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FRI 15 JUNE 2018

Media report

ARROW POINTS UP FOR REGION Townsville Bulletin, Townsville QLD, General News, Bettina Warburton

15 Jun 2018

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Honouring city's PNG links Townsville Bulletin, Townsville QLD, General News, Tony Raggatt

15 Jun 2018

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SHOPPING CENTRES TO LIFT RETAIL BONANZA Gold Coast Bulletin, Gold Coast QLD, General News, Alister Thomson And Phil Bartsch

15 Jun 2018

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Jones courts 'wreck' talks Gold Coast Bulletin, Gold Coast QLD, General News, Kirstin Payne

15 Jun 2018

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COPYRIGHT This report and its contents are for the internal research use of Mediaportal subscribers only and must not be provided to any third party by any means for any purpose without the express permission of Isentia and/or the relevant copyright owner. For more information contact copyright@isentia.com DISCLAIMER Isentia makes no representations and, to the extent permitted by law, excludes all warranties in relation to the information contained in the report and is not liable for any losses, costs or expenses, resulting from any use or misuse of the report.


Rich Lister backs $165m airport expansion Australian Financial Review, Australia, General News, Simon Evans

15 Jun 2018

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Report warns of emissions handball Australian Financial Review, Australia, General News, Ben Potter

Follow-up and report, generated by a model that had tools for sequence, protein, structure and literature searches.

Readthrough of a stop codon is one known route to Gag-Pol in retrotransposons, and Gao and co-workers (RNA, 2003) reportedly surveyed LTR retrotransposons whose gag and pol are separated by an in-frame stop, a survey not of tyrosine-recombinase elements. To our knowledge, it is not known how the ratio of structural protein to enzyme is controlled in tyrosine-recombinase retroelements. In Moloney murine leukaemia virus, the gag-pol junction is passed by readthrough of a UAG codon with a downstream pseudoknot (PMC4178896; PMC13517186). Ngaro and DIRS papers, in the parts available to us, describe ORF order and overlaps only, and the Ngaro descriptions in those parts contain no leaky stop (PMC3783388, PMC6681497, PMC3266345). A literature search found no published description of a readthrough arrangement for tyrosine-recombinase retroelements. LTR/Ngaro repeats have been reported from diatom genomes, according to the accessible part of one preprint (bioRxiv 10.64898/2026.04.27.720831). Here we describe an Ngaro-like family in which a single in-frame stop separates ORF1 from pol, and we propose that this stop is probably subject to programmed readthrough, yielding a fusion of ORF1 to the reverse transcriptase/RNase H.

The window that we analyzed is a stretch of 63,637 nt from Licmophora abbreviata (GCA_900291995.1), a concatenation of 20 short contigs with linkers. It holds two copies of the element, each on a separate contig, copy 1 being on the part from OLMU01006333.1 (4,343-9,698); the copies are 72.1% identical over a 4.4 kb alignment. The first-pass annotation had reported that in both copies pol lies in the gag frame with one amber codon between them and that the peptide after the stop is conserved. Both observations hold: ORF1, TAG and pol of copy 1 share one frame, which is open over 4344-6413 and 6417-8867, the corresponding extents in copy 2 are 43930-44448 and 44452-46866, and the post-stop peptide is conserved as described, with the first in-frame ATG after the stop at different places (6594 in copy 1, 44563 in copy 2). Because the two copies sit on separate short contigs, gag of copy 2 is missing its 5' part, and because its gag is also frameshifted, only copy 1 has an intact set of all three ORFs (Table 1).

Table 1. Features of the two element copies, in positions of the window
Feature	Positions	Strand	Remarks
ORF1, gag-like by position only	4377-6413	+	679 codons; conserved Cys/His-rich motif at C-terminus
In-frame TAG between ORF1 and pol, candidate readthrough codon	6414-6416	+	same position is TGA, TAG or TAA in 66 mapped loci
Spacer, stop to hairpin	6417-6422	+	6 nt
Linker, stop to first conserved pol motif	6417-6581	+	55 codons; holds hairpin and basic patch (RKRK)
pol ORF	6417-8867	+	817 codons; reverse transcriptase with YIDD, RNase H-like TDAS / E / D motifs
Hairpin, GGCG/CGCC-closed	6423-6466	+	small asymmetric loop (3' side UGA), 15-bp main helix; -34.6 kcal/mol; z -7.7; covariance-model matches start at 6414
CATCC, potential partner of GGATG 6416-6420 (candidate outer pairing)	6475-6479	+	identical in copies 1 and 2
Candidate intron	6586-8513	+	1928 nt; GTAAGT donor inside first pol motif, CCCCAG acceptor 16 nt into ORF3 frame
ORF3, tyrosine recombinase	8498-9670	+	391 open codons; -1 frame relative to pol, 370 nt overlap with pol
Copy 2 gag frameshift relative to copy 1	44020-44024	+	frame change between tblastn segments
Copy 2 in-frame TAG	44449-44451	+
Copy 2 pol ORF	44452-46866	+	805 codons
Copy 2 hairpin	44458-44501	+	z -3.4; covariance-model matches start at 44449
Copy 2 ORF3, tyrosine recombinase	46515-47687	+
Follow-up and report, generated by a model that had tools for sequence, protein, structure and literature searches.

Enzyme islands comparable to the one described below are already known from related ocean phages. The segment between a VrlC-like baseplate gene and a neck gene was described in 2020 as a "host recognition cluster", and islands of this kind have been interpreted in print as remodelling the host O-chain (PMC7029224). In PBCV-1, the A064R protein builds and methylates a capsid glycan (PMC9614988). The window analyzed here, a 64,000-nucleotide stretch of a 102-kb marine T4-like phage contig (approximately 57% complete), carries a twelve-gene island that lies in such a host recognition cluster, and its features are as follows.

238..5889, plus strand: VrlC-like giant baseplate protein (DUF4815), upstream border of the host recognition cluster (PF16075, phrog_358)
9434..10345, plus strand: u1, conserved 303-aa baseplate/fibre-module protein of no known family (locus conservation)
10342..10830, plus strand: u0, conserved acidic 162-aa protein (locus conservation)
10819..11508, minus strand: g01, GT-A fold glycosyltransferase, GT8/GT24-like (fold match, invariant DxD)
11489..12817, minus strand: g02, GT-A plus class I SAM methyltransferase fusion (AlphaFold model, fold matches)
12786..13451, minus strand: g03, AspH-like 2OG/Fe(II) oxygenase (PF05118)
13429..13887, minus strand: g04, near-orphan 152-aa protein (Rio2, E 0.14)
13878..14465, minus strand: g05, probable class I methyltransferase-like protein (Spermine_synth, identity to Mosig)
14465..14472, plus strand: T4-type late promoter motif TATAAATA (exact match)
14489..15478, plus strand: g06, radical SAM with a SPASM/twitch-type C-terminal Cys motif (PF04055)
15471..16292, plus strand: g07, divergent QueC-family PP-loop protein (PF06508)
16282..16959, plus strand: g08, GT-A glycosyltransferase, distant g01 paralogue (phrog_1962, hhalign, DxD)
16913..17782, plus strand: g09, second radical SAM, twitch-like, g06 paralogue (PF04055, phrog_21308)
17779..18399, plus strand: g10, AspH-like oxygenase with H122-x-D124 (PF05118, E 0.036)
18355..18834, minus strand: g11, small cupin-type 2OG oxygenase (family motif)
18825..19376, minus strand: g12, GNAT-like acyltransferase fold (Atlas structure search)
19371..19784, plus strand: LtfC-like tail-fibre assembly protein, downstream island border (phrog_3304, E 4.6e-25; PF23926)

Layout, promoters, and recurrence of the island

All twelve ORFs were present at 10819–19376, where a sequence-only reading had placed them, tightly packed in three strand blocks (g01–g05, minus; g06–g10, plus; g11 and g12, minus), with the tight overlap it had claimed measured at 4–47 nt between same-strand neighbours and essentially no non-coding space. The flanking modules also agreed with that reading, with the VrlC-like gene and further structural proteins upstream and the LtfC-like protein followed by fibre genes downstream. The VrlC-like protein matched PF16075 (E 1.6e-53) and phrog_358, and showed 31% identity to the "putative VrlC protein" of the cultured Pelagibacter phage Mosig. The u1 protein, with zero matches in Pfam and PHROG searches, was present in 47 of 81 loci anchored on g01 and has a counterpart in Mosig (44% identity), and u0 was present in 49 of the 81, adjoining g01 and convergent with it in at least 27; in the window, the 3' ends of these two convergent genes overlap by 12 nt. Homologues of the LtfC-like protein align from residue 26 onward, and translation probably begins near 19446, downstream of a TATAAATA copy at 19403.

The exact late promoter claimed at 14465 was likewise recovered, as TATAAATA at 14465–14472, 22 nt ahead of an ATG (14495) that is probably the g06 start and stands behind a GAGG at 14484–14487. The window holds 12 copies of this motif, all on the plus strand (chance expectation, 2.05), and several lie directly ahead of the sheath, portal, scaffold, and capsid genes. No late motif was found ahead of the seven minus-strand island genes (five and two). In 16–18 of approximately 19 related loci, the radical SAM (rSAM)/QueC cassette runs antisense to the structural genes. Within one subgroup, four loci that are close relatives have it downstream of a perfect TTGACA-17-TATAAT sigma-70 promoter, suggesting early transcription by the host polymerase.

15 Jun 2018

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Melbourne called on to help vacant Launceston tower The Australian, Australia, Aviation, Matthew Denholm

15 Jun 2018

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Antarctic flights frozen out of plans The Australian, Australia, Aviation, Matthew Denholm

15 Jun 2018

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Turbulence nothing to fear if passengers wear their seatbelts The Australian, Australia, General News, Richard Tobiano

15 Jun 2018

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Qantas hails safety in jet wake drama The Australian, Australia, General News, Andrew Burrell

15 Jun 2018

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Channelling a supercomputer The Australian, Australia, Special Report, Andrew Kidd Fraser

15 Jun 2018

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Disposal of risky fire foam quickens The Australian, Australia, Special Report, Chris Ray